Human rights organization re-opens after founder’s arrest

The entrance of the hotel in
Almaty, Kazakhstan, from
which Atajurt Human Rights
Founder Serikzhan Bilash was
taken on March 10.
(Photo: ChinaAid)


(Almaty, Kazakhstan—April 7, 2019) A human rights organization in Kazakhstan focused on exposing the routine and mass persecution of Muslim ethnic minorities in China’s northwestern Xinjiang region resumed operations on Tuesday after being temporarily shuttered by the government.

Atajurt Kazakh Human Rights (hereafter referred to as Atajurt), a group that has provided a platform for people who either have been persecuted themselves or have family being persecuted as part of China’s crackdown on Turkic minorities, especially those who practice Islam, was originally closed on March 10. On that day, its founder, Serikzhan Bilash, was taken from a hotel in Almaty, Kazakhstan, to the capital, Astana, and placed under house arrest at the home of another Atajurt member. 30 individuals loyal to the Chinese Communist Party had accused Bilash of running an “illegal organization” and damaging the relationship between China and Kazakhstan. Bilash is now serving time for “incitement of racial hatred” and could serve up to 10 years in prison if convicted.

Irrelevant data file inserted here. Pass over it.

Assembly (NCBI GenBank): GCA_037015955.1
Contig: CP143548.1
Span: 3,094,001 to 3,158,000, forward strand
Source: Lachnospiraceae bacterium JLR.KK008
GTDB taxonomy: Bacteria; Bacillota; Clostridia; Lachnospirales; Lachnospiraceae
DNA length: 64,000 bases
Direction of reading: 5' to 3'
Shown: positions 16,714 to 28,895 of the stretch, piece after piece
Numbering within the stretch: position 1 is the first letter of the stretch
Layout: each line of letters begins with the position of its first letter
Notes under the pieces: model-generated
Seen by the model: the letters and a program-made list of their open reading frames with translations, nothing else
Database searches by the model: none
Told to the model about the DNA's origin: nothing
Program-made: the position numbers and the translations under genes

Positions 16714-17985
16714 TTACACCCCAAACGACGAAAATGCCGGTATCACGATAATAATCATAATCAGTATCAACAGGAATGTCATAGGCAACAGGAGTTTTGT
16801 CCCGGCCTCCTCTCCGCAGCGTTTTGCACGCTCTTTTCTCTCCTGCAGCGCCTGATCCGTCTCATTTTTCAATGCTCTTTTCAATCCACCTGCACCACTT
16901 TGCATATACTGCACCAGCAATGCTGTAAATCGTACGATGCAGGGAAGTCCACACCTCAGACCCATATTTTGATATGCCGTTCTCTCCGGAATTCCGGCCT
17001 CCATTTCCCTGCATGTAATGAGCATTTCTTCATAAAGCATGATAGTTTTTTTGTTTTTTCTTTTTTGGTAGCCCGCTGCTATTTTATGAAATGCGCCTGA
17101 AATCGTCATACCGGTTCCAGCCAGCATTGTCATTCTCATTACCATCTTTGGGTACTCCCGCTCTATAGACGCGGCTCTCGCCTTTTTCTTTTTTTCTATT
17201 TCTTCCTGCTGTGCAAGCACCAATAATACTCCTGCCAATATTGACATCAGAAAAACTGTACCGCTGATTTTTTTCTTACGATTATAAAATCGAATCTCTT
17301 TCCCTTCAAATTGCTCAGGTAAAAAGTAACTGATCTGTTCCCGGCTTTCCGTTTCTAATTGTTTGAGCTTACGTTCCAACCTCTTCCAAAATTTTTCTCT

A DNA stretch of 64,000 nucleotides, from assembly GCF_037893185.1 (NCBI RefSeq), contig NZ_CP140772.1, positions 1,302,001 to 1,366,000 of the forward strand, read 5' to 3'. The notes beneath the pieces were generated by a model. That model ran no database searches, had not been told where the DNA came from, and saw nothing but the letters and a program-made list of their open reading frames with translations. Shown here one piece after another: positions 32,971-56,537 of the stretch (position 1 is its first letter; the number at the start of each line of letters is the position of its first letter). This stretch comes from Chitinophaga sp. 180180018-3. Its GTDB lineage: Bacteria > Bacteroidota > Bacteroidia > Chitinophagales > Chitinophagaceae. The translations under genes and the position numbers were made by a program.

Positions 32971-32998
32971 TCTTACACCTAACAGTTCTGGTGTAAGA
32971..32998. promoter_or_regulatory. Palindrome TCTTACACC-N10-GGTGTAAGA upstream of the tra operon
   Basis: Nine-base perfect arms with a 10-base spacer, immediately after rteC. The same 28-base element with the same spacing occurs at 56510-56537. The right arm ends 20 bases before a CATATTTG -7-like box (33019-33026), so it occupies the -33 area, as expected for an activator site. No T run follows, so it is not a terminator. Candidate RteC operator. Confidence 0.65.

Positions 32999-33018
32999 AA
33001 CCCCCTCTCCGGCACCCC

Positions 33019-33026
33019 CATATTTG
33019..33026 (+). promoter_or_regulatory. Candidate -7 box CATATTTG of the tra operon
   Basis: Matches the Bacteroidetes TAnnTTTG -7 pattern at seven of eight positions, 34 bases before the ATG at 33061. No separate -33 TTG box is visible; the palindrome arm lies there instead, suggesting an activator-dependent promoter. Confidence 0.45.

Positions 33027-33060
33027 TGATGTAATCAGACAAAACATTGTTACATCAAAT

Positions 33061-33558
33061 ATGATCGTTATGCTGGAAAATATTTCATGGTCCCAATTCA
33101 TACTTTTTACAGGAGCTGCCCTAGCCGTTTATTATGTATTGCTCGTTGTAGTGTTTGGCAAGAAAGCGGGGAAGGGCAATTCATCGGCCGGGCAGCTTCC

However, Bilash had tried to register Atajurt with the government, but his application was rejected.

On April 2, Kazakh officials unlocked Atajurt’s office. The organization stated its intent to continue their aid, which includes publishing video testimonies, petitions, and appeals from people who have been detained and tortured in China’s concentration camps and other facilities.

Atajurt has also said it will translate important documents, such as petitions and appeals, into other languages and will begin scheduling human rights events.

After hearing of Bilash’s arrest, 10 NGOs, including Human Rights Watch, penned an open letter to Kazakh President Kassym-Jomart Tokayev, expressing their concern over Bilash’s situation and denouncing China’s persecution of Turkic minorities.

Experts estimate that 1-3 million people from these minority groups are imprisoned in the concentration camps. China claims that these camps are actually vocational training centers, but firsthand accounts depict inmates being forced to demonstrate allegiance to the Communist Party and undergo brainwashing, food deprivation, torture, and sometimes long hours working in a factory. In addition, some of the inmates held prestigious careers before being seized. 

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